A stock trader at one of "pharma bro" Martin Shkreli's hedge funds testified Tuesday he did not see Shkreli "buying and selling stock" or doing other things hedge fund operators normally do.
"I didn't see him doing a whole lot," said the trader, Timothy Pierotti, at Shkreli's securities fraud trial in Brooklyn, New York, federal court.
"Normally at a hedge fund, you would see people managing their position, managing their risk, talking to brokers, buying and selling stock," said Pierotti, who had sat directly across from Shkreli's desk while working for him.
Alixandra Smith, a prosecutor, then asked, "And you did not see the defendant do any of these things?"
"No," replied Pierotti, 46, whose tenure working for Shkreli spanned from late summer of 2011 into late 2012.
Pierotti's testimony bolsters claims by prosecutors that Shkreli's funds, MSMB Capital and MSMB Healthcare, were operating with relatively little money with which to trade, despite Shkreli's boasts to investors of having up to $100 million under management. Pierotti said Shkreli talked about having $80 million or $100 million under management.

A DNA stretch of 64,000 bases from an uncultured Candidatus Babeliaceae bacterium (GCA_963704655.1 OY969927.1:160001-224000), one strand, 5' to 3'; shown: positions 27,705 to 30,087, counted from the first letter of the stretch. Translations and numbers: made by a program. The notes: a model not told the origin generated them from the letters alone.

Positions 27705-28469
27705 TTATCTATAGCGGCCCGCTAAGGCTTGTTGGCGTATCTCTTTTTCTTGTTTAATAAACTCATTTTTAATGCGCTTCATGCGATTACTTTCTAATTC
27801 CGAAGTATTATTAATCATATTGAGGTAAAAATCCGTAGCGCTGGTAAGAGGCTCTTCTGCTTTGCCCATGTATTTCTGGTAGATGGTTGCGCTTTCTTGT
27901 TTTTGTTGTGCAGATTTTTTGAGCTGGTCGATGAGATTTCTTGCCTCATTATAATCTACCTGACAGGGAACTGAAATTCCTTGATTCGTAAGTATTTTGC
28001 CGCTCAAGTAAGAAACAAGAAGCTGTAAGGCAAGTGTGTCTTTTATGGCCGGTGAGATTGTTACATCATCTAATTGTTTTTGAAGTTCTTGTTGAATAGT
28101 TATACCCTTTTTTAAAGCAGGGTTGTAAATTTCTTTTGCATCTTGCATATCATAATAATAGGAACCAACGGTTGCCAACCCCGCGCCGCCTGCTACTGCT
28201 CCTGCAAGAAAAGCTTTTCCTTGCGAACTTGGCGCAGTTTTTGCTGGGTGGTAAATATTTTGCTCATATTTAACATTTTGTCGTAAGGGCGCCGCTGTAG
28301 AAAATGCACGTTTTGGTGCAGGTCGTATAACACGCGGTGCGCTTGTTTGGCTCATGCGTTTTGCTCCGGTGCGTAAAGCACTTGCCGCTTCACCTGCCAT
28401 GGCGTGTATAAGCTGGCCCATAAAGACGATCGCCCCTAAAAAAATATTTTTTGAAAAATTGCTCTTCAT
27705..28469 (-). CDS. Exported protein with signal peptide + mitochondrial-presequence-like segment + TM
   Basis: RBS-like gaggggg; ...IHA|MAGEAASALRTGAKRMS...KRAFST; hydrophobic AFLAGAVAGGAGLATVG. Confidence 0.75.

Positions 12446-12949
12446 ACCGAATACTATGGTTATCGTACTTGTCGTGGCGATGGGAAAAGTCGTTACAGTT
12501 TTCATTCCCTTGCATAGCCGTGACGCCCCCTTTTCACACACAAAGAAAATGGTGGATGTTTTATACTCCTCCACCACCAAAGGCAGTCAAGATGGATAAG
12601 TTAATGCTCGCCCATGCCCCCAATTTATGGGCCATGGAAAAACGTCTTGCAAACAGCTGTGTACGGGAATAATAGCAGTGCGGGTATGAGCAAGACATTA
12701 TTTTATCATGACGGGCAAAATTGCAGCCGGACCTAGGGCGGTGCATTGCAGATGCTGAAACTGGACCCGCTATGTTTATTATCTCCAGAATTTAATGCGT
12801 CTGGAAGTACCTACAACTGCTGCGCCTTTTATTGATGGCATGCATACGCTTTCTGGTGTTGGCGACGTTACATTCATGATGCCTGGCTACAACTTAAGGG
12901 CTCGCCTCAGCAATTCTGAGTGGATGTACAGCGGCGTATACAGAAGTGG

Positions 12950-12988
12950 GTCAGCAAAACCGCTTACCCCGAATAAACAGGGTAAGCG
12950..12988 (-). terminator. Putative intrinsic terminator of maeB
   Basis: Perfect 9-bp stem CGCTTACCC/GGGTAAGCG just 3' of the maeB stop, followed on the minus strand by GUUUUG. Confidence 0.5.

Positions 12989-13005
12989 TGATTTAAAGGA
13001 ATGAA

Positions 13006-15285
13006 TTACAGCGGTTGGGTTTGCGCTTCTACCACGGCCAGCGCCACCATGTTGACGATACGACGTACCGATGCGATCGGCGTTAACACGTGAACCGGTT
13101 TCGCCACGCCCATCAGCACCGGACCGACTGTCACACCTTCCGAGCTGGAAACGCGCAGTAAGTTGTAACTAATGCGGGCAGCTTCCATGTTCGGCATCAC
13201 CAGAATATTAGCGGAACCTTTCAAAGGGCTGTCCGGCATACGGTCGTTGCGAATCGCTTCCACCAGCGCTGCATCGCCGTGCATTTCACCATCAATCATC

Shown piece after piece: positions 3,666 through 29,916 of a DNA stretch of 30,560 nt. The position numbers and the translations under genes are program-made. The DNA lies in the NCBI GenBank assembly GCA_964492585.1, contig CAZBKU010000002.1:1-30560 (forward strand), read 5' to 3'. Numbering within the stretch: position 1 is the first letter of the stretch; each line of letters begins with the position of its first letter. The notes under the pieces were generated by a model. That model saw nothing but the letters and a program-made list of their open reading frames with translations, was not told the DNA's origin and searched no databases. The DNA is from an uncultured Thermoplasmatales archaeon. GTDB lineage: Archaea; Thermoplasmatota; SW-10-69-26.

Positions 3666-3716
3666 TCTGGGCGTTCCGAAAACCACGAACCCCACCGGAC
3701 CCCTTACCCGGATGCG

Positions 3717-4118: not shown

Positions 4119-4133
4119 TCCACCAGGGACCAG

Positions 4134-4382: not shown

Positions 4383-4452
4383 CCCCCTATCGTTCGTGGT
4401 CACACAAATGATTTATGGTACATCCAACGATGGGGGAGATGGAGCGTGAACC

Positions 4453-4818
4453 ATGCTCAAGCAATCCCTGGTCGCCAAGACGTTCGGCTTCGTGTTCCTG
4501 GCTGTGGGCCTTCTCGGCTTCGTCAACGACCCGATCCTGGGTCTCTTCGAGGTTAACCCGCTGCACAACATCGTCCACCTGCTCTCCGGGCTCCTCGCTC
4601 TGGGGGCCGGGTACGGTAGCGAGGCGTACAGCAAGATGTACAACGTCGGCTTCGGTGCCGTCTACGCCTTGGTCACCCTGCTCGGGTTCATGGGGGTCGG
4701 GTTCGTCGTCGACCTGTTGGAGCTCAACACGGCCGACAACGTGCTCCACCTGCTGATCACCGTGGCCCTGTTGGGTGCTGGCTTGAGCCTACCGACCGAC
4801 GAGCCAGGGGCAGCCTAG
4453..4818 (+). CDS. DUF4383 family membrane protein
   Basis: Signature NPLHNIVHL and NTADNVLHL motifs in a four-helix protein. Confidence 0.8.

Pierotti is expected to testify later Tuesday about allegedly being threatened by Shkreli in 2013 after Pierotti refused to return 350,000 shares he had bought for just $400 in a shell company that did a reverse merger with a drug company, Retrophin, that Shkreli had founded.
Shkreli, 34, has pleaded not guilty to charges of looting Retrophin of stock and cash to repay investors he also is accused of defrauding at his hedge funds.
Pierotti was one of a group of more than a half-dozen friends and associates of Shkreli who received a total of about 2 million shares in a shell company that conducted a reverse merger with Retrophin in 2012 to help it become publicly traded.
Prosecutors alleged that Shkreli secretly controlled those shares, or expected to control those shares, but did not disclose such control as required to the Securities and Exchange Commission.